The event will take place on Tuesday, June 19th from 10:00 to 11:30 am at The Lexington, 5440 Ralston Street, Ventura. Topics to be covered are “Diabetes and Your Body”, “Pre-diabetes—what is it? Is it reversible?” and “Diabetic Nutrition”.
A healthy lunch, compliments of The Lexington will be served immediately following the presentation to those who RSVP to 901-4886.
The Ventura Parkinson’s Disease Support Group is pleased to welcome the Alzheimer’s Association as our guests to our monthly meeting on Wednesday, June 13, from 1:00 to 3:00 pm at The Lexington Assisted Living, 5440 Ralston St, Ventura.
Phil Chandler, Community Voices Speaker for the Alzheimer’s Association, California Central Chapter at the Ventura County Regional Office, will present the educational program by the Alzheimer’s Association: “Healthy Living for your Brain and Body”. Phil is the owner of Right at Home of Ventura County, which provides in home care, helping seniors live independently at home. He also facilitates two support groups for the Alzheimer’s Association.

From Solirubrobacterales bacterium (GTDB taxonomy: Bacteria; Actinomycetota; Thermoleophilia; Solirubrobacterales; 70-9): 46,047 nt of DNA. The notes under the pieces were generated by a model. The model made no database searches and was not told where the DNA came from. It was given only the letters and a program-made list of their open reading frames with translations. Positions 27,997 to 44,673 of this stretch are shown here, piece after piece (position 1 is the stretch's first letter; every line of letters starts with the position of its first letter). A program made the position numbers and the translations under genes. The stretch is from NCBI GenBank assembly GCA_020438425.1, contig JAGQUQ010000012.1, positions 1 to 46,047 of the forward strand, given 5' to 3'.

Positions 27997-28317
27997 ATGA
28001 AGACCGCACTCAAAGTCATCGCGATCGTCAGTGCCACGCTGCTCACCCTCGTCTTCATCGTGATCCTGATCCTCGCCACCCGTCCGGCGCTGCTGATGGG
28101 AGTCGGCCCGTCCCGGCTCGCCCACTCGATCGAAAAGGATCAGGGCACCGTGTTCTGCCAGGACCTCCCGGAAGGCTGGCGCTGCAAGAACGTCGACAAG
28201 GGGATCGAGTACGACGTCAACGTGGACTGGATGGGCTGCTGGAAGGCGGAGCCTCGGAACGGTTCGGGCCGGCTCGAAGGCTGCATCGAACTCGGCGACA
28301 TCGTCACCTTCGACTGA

We will define dementia and discuss the similarities and differences between Alzheimer’s Disease, Parkinson’s Dementia and Lewy Body Dementia. In addition, Phil will inform us about programs available through the Alzheimer’s Association that can help everyone challenged with all forms of dementia and their caregivers such as the “Safe Return” program, a 24 hour Helpline, and support groups for those affected by dementia in Ventura County.
The Ventura Parkinson’s Disease Support Group welcomes our members and care-partners, visitors and new friends who find themselves navigating the challenging cognitive changes associated with ageing, Parkinson’s and Alzheimer’s Disease. Please feel free to join us.
For those interested in attending this meeting, there is a drop-off/loading and unloading driveway in the front of the Lexington Assisted entrance. Extra parking is graciously available across the street in the Baptist Church parking lot. Reservations are not required. Attendees are invited to check in at the front desk for directions to the 3rd floor and sign-in at the meeting so we can keep in touch with you. For more information, call Patty at 766-6070.